FywAgs1l.jpg


View attachment 45620

View attachment 45621
that is f***ing beautiful.
 

jtcnj

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I got this Monoprice / Indio for under $100 earlier this year.
The tuners are just ok, and the plastic nut was NG.
Made my first nut from bone blank.
Smoothed a few rough fret ends / bevels and set it up.
Plays and sounds good.
I started looking for pickups before I even got it, so far the stock ones are good enough to stay.

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Huntroll

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Too bad that video didn't include Keith Richards playing a killer lead limited to only 4 notes.

Through an old EL84 tube amp wfo.

With that look on his face . . .
 

Go Nigel Go

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I got this Monoprice / Indio for under $100 earlier this year.
The tuners are just ok, and the plastic nut was NG.
Made my first nut from bone blank.
Smoothed a few rough fret ends / bevels and set it up.
Plays and sounds good.
I started looking for pickups before I even got it, so far the stock ones are good enough to stay.

View attachment 46693
So refreshing to see someone with realistic expectations and who starts with a full setup before passing judgment on their "new to them" instrument. It is amazing just how good even a super inexpensive instrument can be made to play with a bit of knowledge and effort. One of the things that will cause me to click away from any review is when the reviewer insists on evaluating it "plug and play out of the box". In my experience "out of the box" is always going to have some issues, but what I really want to know is how those issues were addressed and whether or not it was more difficult than the majority of other instruments for the same procedure. I have done some work (usually no more than a few hours) for friends on guitars they thought were hopeless, and they were amazed what had always been there just waiting to be accessed.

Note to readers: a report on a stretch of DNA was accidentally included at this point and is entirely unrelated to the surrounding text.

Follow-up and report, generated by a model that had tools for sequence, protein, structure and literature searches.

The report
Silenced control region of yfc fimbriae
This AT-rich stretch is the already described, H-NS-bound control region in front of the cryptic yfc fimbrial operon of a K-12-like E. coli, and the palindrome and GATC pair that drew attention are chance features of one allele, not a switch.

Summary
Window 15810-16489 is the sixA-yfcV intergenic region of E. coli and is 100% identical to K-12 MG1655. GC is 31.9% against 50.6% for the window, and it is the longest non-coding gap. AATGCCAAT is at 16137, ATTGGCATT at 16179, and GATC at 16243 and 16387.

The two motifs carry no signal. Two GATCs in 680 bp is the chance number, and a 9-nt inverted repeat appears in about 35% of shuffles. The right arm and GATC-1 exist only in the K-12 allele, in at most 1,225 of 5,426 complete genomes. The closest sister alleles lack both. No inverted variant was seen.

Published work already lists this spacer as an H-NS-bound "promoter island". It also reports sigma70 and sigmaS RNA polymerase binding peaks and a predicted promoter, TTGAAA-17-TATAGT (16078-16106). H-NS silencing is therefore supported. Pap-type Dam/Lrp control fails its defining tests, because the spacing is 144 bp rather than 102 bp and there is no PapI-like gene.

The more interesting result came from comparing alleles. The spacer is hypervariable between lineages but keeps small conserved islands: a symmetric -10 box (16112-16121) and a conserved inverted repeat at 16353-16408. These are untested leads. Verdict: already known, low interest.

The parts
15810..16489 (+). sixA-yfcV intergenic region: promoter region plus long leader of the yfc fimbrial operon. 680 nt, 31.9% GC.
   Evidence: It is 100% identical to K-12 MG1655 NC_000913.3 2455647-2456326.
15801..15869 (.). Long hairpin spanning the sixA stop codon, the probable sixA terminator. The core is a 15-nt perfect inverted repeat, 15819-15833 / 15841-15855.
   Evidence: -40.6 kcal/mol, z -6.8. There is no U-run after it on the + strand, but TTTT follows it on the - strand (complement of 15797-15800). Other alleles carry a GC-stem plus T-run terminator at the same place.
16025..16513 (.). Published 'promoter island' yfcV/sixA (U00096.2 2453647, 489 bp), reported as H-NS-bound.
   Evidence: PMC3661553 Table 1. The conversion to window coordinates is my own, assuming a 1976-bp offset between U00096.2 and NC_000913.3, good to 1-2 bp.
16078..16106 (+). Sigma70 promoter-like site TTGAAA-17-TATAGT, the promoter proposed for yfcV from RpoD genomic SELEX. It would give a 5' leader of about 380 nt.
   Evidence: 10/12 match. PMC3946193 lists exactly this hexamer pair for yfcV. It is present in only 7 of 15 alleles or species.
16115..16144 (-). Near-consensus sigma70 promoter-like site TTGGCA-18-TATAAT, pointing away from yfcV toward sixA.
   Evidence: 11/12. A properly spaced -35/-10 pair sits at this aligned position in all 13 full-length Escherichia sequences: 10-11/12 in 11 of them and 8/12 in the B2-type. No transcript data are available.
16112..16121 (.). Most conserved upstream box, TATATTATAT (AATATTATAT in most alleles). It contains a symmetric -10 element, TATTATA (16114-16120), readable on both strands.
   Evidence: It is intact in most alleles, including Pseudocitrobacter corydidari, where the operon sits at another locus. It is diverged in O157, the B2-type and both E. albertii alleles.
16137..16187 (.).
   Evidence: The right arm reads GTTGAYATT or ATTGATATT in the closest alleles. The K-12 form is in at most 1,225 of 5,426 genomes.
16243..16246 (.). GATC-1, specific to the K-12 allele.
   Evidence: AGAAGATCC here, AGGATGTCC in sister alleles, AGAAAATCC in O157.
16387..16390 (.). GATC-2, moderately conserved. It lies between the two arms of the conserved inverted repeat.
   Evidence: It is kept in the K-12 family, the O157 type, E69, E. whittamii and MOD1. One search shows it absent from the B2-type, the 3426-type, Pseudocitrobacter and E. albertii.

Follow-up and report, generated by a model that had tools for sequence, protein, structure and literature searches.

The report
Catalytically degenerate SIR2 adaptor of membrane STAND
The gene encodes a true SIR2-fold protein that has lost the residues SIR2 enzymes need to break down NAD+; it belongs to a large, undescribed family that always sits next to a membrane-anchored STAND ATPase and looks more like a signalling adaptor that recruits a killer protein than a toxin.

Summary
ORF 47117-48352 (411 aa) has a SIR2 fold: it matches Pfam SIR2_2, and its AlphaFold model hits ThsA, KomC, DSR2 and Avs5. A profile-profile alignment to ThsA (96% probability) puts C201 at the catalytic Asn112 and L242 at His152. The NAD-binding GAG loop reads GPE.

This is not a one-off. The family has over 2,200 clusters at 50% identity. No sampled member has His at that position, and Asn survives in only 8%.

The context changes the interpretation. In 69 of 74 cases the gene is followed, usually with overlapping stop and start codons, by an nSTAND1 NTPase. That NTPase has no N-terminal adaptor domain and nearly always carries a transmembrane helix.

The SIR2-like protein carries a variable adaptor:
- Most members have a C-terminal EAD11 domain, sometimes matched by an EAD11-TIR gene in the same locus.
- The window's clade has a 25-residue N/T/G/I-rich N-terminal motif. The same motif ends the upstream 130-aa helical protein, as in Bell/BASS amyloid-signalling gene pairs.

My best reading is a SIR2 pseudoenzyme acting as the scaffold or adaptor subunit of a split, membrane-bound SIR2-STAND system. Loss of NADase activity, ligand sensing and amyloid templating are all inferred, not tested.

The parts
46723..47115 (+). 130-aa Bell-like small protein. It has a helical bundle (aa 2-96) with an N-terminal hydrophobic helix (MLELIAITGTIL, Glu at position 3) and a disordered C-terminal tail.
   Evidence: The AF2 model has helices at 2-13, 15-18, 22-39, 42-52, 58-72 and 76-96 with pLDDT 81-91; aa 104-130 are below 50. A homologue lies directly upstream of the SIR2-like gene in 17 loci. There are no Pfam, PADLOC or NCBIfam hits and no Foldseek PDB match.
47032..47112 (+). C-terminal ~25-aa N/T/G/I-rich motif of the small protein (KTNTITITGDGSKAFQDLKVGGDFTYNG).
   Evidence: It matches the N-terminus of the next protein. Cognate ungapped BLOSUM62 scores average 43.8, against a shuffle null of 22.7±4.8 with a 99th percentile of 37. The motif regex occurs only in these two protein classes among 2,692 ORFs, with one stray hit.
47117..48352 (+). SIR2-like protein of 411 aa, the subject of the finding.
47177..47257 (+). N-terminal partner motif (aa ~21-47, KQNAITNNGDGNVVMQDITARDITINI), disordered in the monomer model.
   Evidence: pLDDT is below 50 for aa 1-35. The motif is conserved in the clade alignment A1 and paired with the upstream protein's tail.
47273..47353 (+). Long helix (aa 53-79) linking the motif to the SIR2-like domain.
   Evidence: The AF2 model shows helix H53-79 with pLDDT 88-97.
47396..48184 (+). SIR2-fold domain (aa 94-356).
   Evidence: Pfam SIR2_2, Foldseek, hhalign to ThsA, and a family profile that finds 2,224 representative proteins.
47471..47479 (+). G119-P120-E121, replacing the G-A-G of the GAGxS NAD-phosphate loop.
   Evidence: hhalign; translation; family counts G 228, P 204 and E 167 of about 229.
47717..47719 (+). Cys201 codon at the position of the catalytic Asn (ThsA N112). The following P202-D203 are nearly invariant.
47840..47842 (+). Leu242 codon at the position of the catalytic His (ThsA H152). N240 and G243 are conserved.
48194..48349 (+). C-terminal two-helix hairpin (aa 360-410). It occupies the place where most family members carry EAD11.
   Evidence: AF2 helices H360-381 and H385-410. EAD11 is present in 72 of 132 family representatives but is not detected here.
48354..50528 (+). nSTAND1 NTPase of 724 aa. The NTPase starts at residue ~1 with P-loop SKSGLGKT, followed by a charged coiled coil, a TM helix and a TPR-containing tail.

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Col Mustard

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Just a bit more about my Telecaster neck.

People seem to obsess over the shapes of guitar necks. At least on guitar fora they do.
Personally, I don't. I owned a decent collection of assorted guitars and basses, and
they all had different shapes to the neck, and I never fussed about it. I just played
them, selecting the one I needed because of its tone and not its neck shape.

But I admit that the "feel" of a guitar neck does influence me, and it does seem to
influence my playing. It might be the scale length, and it might be the type of varnish
used, and it might be whether it's satin or glossy.

I don't think it's the thickness. Anyway, when I brought my Telecaster home, it was
my first Fender guitar. I'd been playing Fender bass for decades, using an old 1966
J-Bass. That J-Bass has the most comfortable and easy to play neck of any bass I've